Super injunction meant Learndirect gagged Ofsted from speaking to ESFA

Learndirect was “bizarrely” granted a super injunction during its judicial review against Ofsted which suppressed the inspectorate from speaking with the government about the provider’s damning grade four inspection.

Chief inspector Amanda Spielman made the staggering revelation this evening during a Public Accounts Committee hearing on the Learndirect saga.

She said that this “unfortunate position” was granted as soon as the court case was launched following its March inspection and lasted until Ofsted won the battle in August, which “complicated” matters.

It was also arranged with only the court and Learndirect, without any “reference” to Ofsted or the ESFA.

Amanda Spielman

Ms Spielman explained that the 2017 snap election gave the inspectorate “no choice” but to delay publication of Learndirect’s report.

She then revealed: “An application was made for an injunction before the election period was up and the court somewhat bizarrely and without reference to us granted a super injunction which made it impossible for any discussion whatever to happen even between us and the ESFA.

“We could not discuss through that period so why a super injunction was granted is baffling but it was given on the sole basis of Learndirect’s application with no reference to Ofsted or anyone else.

“Our lawyers sought to find out more information about the application but we were given no opportunity to respond to it.”

The court somewhat bizarrely granted a super injunction which made it impossible for any discussion to happen even between us and the ESFA

Ms Spielman added: “From that application, which was made before the election, through until the judgement was handed down, no part of government could talk to the other part of government about the situation, nor would they have been able to discuss with third parties the handling, because it was not possible to discuss this pending judgement.”

The PAC’s chair, Meg Hillier, said this was a “staggering” revelation and thanked Ms Spielman for sharing the information with the committee.

Andy Palmer (pictured above), Learndirect’s chief executive, was then questioned on this but said he was unaware that such an injunction would stop Ofsted from speaking with the ESFA.

“What we asked for was that the report was not published I don’t recall asking for such an injunction so as such the departments couldn’t talk to each other about the case,” he claimed.

“The injunction we asked for was primarily focused on ensuring the report wasn’t published in advance and there was no discussion of the report or the judicial review taking place in the press in advance of the report being finalised and agreed having gone through the judicial review process.

“I think this was justified because any publication of the report would damage the company.”

Tonight’s hearing follows the findings of last month’s National Audit Office report, which examined the monitoring, inspection and funding of the nation’s biggest FE provider.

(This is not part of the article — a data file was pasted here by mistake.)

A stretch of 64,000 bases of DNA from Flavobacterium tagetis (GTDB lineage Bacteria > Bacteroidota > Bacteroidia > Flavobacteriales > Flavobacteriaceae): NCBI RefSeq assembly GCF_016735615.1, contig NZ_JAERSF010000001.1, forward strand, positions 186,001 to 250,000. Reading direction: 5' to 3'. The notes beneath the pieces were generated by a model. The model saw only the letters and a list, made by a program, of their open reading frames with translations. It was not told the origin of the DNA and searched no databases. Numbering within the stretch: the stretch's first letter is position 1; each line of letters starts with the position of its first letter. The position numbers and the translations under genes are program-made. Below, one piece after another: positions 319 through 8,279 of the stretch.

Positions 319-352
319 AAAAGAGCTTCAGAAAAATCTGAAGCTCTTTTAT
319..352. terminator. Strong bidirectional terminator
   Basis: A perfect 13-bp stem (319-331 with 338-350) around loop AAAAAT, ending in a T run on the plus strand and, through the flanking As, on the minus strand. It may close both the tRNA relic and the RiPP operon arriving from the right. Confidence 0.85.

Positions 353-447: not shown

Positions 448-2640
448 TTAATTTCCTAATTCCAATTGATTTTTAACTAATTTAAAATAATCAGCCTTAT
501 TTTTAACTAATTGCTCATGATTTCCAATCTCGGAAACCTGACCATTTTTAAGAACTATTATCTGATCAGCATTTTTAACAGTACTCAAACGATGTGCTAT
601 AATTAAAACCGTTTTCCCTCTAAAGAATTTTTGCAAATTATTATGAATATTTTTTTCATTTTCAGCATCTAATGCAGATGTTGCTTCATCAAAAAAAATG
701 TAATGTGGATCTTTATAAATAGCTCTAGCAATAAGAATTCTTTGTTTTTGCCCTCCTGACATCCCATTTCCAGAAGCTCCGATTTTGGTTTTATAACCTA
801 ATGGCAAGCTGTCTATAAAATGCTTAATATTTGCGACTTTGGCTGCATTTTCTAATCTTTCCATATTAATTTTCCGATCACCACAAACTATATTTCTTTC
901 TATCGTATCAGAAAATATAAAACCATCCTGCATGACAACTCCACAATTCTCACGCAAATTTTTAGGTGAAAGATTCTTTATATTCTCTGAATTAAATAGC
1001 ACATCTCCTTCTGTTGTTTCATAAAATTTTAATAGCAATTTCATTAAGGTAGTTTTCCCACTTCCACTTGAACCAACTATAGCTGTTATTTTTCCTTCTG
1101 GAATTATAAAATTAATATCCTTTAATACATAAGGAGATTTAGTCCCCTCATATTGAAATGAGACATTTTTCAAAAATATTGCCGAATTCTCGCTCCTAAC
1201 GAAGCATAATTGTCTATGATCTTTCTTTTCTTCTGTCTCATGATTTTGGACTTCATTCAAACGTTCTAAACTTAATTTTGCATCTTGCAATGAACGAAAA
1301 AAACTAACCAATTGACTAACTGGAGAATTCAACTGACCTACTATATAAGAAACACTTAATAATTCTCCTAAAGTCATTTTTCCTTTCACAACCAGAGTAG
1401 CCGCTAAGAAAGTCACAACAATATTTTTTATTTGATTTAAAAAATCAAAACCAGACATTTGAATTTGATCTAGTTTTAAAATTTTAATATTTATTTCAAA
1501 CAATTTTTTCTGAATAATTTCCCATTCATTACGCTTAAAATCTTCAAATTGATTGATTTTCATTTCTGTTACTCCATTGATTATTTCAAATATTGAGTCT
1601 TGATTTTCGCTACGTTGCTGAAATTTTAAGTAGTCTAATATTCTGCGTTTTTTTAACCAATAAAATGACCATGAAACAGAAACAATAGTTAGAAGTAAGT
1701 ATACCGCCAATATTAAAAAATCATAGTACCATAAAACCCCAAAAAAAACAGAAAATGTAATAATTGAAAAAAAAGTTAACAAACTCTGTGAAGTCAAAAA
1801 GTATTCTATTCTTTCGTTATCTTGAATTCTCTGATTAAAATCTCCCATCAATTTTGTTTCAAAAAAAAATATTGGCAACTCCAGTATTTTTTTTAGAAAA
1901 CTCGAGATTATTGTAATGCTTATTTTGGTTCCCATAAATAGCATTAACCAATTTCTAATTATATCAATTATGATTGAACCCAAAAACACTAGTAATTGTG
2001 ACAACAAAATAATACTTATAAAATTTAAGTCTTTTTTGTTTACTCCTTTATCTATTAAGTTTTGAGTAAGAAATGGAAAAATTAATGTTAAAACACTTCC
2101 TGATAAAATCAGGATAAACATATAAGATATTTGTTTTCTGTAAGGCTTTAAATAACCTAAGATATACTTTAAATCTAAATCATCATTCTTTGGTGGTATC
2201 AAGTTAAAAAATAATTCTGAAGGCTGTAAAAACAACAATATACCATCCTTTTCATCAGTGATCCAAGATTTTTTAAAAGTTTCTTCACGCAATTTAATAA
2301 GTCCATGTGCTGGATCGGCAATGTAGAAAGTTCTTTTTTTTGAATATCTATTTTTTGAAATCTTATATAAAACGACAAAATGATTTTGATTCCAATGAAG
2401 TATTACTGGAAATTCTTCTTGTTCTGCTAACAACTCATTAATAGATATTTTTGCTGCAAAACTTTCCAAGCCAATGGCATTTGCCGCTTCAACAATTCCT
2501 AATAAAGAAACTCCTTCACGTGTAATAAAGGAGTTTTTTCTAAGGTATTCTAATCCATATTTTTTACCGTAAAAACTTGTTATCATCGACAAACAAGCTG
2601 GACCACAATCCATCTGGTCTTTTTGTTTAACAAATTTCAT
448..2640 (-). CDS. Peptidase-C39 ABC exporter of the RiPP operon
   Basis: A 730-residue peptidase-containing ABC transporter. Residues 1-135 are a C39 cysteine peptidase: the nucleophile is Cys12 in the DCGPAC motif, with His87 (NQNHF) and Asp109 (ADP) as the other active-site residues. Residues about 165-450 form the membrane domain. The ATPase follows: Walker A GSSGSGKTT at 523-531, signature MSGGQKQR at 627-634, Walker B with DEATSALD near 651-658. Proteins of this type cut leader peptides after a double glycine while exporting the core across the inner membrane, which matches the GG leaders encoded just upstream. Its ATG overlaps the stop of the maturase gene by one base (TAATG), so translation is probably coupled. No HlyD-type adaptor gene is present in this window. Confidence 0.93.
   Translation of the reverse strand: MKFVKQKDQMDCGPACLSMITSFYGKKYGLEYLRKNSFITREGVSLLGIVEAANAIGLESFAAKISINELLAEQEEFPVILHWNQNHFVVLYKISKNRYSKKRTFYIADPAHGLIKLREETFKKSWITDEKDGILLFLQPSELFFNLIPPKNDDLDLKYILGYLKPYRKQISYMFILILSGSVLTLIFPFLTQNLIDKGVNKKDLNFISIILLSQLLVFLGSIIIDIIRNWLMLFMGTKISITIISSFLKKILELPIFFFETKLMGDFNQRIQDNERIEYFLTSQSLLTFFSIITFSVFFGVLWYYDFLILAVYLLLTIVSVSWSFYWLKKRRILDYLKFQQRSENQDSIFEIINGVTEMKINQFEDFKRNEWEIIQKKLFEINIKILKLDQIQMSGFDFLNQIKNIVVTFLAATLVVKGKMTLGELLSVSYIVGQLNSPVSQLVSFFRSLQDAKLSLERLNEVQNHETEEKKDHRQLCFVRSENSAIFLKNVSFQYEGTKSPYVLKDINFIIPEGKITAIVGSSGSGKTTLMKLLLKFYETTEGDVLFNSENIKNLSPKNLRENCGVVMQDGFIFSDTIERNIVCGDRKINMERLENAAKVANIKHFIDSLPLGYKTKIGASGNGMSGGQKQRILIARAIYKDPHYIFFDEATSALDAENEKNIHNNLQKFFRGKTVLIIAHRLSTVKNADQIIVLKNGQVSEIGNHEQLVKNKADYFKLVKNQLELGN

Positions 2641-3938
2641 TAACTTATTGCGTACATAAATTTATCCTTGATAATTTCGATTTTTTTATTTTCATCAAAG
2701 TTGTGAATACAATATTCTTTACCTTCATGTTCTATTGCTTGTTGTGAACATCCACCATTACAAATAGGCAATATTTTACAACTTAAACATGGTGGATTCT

This is a large body that really was so big that it couldn’t fail and they held the whip-hand over government

Learndirect was given an ‘inadequate’ rating by Ofsted in a report published in August, but the government offered it special treatment by allowing it to retain its contracts for almost a year – much more than the usual three-month termination period.

Witnesses at tonight’s hearing included former ESFA chief Peter Lauener, the Department for Education’s permanent secretary, Jonathan Slater, Ms Spielman and Mr Palmer.

Speaking to FE Week immediately after the hearing, Ms Hillier said: “I think we got some shocking revelations today and the description of how the super injunction was used and the fact that the company thought it was acceptable to have an argument with Ofsted like that is shocking.

“I think there are wider issues here about how when you have private sector companies where profit really is the main driver that they will do all sorts of things that would not be acceptable in the public sector like take out super injunctions, like trying to delay inspections, in order to prop up their profits.

“These are companies delivering a public sector service with tax-payers’ money and it is really important that we make sure the value is there for the user and outcomes, not just the profits for private bodies.”

She added: “This is a large body that really was so big that it couldn’t fail and they held the whip-hand over government and tried to whip the inspectorate into what they wanted to do.”

The PAC also heard tonight that Learndirect has continued to be obstructive to Ofsted inspectors during their current monitoring visits, just as the provider was during its full inspection in March.

On this matter, Ms Hillier said: “It is either dirty corporate tactics or an organisation that just hasn’t got to grips with the fact it has got an independent public regulated inspector that is coming in and doing its job. If it is the former it is appalling and if it is the second they need to grow up.”